Matthew Poole's English Annotations on the Holy Bible

This verse is added, either,

1. As a reason or confirmation of the assertion, Psalms 75:7, and to show that God in removing one king to make way for another did not proceed in a way of absolute sovereignty, which yet he might have done, but in a way of justice and equity. Or,

2. As another argument to enforce his advice given Psalms 75:4,5, which he had now pressed by one argument, Psalms 75:6,7. God is here compared to the master of a feast, who then used to distribute portions of meats or drinks to the several guests as he thought fit.

A cup, in Scripture, is sometimes taken in a good sense, for God’s blessings, as Psalms 16:5 23:5; and sometimes, and more frequently, in a bad sense, for God’s vengeance and judgments, as Psalms 11:6 Isaiah 51:22 Jeremiah 49:12 Matthew 20:23, &c.; and so it is here understood, as the following words show. The wine is red; such as the best wine of Judea was, Deuteronomy 32:14 Proverbs 23:31; and so strong, and heady, and intoxicating. Or, is troubled; as the word more properly signifies, and is rendered by divers; which may note its newness, when it is in fermentation, not yet cleared nor settled, and so more intoxicating. So he expresseth the power and fierceness of God’s wrath and judgments. It is full of mixture: the wine is mingled, not with water, as was usual in those hot countries, Proverbs 9:5, but with spices, as Song of Solomon 8:2; or rather, strengthening and intoxicating ingredients, which drunkards used, Isaiah 5:22. He poureth out of the same, to wit, to the children of men; promiscuously to good and bad; whereby he removes the scandal which his enemies might take from those troubles which God saw fit to inflict upon David and his followers. The dregs thereof; the worst and most dreadful part of those tribulations. Of the earth; or, of the land, to wit, of Canaan, of which he spoke Psalms 75:3. Shall wring them out; which expression may imply, either that they shall be forced to squeeze out the worst for their own drinking, or that this dreadful draught was prepared for them and brought upon them by their own choice and wickedness.


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Bibliography
Poole, Matthew, "Commentary on Psalms 75:8". Matthew Poole's English Annotations on the Holy Bible. http://odl.studylight.org/commentaries/mpc/psalms-75.html. 1685.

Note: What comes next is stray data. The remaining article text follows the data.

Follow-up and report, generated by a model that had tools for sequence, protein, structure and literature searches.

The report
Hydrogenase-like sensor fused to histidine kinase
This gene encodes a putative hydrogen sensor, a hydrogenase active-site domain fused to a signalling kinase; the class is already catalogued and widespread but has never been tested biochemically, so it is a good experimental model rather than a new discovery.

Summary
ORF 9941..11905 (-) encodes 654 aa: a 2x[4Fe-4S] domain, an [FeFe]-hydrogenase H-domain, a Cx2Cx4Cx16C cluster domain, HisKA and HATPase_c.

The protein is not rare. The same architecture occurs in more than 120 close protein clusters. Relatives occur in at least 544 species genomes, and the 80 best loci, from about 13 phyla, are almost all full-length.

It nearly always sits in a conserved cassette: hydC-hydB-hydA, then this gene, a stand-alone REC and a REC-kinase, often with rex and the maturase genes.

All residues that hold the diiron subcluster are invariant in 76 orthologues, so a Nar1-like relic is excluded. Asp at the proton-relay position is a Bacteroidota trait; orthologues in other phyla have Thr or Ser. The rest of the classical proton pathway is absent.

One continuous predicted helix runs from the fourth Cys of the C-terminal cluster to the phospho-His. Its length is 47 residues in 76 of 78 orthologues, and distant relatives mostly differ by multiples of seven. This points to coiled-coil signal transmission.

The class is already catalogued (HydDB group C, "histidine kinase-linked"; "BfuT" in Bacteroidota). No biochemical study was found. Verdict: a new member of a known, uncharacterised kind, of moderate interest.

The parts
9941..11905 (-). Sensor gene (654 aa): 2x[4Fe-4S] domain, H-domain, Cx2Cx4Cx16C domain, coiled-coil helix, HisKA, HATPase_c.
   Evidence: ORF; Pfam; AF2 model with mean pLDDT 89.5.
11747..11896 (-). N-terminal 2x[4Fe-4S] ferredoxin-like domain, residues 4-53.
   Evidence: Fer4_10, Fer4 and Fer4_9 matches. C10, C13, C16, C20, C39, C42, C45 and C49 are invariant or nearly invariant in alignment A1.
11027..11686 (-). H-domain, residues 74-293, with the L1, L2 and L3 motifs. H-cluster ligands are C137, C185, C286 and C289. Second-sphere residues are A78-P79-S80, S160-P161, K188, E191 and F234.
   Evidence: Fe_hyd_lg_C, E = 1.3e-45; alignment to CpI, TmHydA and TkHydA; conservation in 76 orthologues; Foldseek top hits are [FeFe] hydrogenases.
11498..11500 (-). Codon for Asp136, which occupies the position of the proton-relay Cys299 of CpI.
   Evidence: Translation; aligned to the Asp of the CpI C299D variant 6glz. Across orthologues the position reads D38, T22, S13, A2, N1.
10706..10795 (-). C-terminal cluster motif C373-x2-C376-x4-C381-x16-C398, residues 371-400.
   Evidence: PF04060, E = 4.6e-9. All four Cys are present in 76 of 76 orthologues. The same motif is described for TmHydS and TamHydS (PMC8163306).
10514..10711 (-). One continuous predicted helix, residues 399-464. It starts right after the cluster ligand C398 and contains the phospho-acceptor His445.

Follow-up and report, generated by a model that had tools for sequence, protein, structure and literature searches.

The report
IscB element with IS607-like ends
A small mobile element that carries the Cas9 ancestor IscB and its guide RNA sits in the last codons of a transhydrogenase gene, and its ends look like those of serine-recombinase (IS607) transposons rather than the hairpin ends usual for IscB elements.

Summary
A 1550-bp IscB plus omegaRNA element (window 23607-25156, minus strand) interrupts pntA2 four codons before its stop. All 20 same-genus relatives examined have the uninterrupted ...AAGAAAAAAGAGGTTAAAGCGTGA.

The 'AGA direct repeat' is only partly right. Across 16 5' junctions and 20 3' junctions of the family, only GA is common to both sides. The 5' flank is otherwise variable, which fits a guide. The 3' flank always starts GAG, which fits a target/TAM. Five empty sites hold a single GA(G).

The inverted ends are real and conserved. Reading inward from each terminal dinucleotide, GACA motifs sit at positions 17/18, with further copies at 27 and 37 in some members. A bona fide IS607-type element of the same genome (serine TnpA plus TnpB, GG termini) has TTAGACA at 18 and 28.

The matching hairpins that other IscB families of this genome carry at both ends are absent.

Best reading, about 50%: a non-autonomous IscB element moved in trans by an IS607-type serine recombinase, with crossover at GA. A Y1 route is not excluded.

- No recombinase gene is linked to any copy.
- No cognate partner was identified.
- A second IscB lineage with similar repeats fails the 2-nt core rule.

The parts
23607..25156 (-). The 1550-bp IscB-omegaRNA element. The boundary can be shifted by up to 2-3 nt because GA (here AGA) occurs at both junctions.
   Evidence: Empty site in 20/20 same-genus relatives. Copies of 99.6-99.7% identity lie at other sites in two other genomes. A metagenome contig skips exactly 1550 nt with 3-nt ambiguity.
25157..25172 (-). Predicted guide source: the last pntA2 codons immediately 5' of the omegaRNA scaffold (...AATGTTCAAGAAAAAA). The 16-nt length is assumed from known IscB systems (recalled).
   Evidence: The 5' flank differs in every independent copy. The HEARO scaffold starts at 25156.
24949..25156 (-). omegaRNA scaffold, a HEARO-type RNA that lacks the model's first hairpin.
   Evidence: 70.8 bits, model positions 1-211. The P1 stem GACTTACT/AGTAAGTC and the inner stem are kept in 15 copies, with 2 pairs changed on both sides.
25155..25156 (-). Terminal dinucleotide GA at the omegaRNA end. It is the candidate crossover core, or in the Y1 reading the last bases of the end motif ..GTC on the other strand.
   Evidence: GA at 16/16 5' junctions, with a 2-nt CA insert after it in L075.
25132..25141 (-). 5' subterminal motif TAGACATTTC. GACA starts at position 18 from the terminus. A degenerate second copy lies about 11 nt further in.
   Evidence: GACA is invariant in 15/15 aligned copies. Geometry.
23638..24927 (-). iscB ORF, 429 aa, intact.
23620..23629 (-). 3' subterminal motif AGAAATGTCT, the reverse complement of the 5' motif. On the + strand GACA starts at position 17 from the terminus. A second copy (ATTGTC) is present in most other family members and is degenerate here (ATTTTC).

Whedon's Commentary on the Bible

8. A cup… red—The emblem of wrath. Psalms 60:3; Revelation 14:10.

Mixture—Alluding to the practice of drugging wine to make it more intoxicating. Isaiah 5:11; Isaiah 5:22.

Wring… out—That is, shall press the dregs, or lees, at the bottom of the cup, to extract the last drop. See Isaiah 51:17; Isaiah 51:22


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Bibliography
Whedon, Daniel. "Commentary on Psalms 75:8". "Whedon's Commentary on the Bible". http://odl.studylight.org/commentaries/whe/psalms-75.html. 1874-1909.

Joseph Benson's Commentary of the Old and New Testaments

Psalms 75:8. For, &c. — This verse is added, either, 1st, As a reason or confirmation of the assertion, Psalms 75:7, and to show that God, in removing one king to make way for another, did not proceed in a way of absolute sovereignty, but in a way of justice and equity. Or, 2d, As another argument to enforce his advice given Psalms 75:4-5, which he had already pressed by one argument, Psalms 75:6-7. In the hand of the Lord there is a cup — God is here compared to the master of a feast, who, in those days, used to distribute portions of meats or drinks to the several guests, as he thought fit. A cup, in Scripture, is sometimes taken in a good sense for God’s blessings, as Psalms 16:5; Psalms 23:5, and sometimes, and more frequently, in a bad sense, for his vengeance and judgments, Psalms 11:6; Isaiah 51:22; Jeremiah 49:12; Matthew 20:23; and so it is here understood, as the following words show. And the wine is red —